Posts Tagged ‘family’

Title: Grandfather’s Journey

Illustrator/Author: Allen Say

Caldecott 1994

The illustrations are beautiful, and laid out somewhat like a memory book or photo album, which is correct for the subject matter.  The story is clearly heartfelt and true, though not actually all that well written. Say’s grandfather traveled from Japan to the US and back to Japan, always missing the other country.  I’m sure this resonates for many immigrants and travelers, but the wording was sometimes clunky.  The paintings are technically well-done, but only certain images seem like they truly have heart to them.  Perhaps this is on purpose, to evoke snapshots, but I am not sure.


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Title: Smoky Night

Illustrator: David Diaz

Author: Eve Bunting

Caldecott 1995

A child’s recollections of the LA riots are told in fabulous illustrations.  Each page’s background is made up of a collage of objects that could be found in that scene, plus a beautiful painting.  It is hard to imagine under what circumstances you would own this book – unless, of course, you and your child had lived through a riot or war and needed to tell that story.  For older children, it could be a lead-in to a discussion of violence, perhaps when such events were being shown on TV or in the news.  A beautiful book; a heartbreaking subject.

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Higher Power of LuckyTitle: The Higher Power of Lucky

Author: Susan Patron

Illustrator: Matt Phelan

Newbery 2007

This book is significantly more heartbreaking to read as an adult than it would be as a child.  Lucky’s fears are those of a ten-year-old – an orphan in uncertain circumstances, but a child nonetheless.  To an adult, her clear poverty, abandonment, and other hard times are well-written and therefore hard to read.  I recommend this book, but with caution for some children, because losing one’s parents is one of the largest fears out there.  On the other hand, the life of her tiny town and the beauty of the desert around her is woven with care and gentleness.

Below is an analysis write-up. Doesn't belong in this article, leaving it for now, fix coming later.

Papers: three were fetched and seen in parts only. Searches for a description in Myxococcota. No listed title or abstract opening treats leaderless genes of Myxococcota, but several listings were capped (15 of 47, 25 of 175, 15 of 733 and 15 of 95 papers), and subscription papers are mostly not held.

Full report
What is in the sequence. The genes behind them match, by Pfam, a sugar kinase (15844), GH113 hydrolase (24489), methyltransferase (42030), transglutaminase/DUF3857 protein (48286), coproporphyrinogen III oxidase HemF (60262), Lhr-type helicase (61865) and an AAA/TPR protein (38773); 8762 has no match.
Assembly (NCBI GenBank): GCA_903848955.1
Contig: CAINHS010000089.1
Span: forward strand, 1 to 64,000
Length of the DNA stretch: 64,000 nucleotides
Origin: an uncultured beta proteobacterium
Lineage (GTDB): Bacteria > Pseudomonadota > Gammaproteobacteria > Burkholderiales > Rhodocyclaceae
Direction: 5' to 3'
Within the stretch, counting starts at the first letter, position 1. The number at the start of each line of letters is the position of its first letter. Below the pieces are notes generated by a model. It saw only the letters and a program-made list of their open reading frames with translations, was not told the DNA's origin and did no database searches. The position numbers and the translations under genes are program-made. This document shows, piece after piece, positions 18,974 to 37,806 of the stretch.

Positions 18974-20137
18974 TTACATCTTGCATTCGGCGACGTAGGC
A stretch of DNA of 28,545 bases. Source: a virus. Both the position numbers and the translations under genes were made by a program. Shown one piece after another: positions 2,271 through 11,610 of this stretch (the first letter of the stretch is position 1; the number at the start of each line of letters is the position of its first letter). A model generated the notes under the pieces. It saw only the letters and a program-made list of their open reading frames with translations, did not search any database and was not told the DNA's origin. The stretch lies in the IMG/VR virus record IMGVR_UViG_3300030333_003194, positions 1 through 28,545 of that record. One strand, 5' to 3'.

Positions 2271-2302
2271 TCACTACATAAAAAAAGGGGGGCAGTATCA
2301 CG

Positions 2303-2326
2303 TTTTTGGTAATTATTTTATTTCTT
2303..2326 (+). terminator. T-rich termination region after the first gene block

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SylvesterandtheMagicPebbleTitle: Sylvester and the Magic Pebble

Author/Illustrator: William Steig

Caldecott 1970

This was one of my absolute favorite books as a child.  It’s even good for pre-readers, because the pictures are so clear you can follow the story without the words.  There are also a couple of jokes in the pictures that are not there in the words (confused ducks and lions, for example). The donkeys are nicely anthropomorphized – wearing human clothes and walking on their hind legs, but clearly donkeys nonetheless.  The final image of Sylvester and his parents on the couch is, I think, permanently in my brain. All of Steig’s books are classics in the truest sense.

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HelloGoodbyeWindowTitle: The Hello, Goodbye Window

Author: Norton Juster

Illustrator: Chris Raschka

Caldecott 2006

If I had any friends who were grandparents, I would give them this book in a heartbeat.  It is a beautiful celebration of a grandparent-grandchild relationship, all told through a window.  The illustrations are just this side of finger-paint – vibrant like a child’s drawing, but much more understandable than your average kid picture.  I think many kids would respond to that familiar style.  The family is also subtly interracial, which is a nice touch.  The page depicting the girl and her grandmother looking at all the stars is absolutely gorgeous and very textural – I wish I could touch it.

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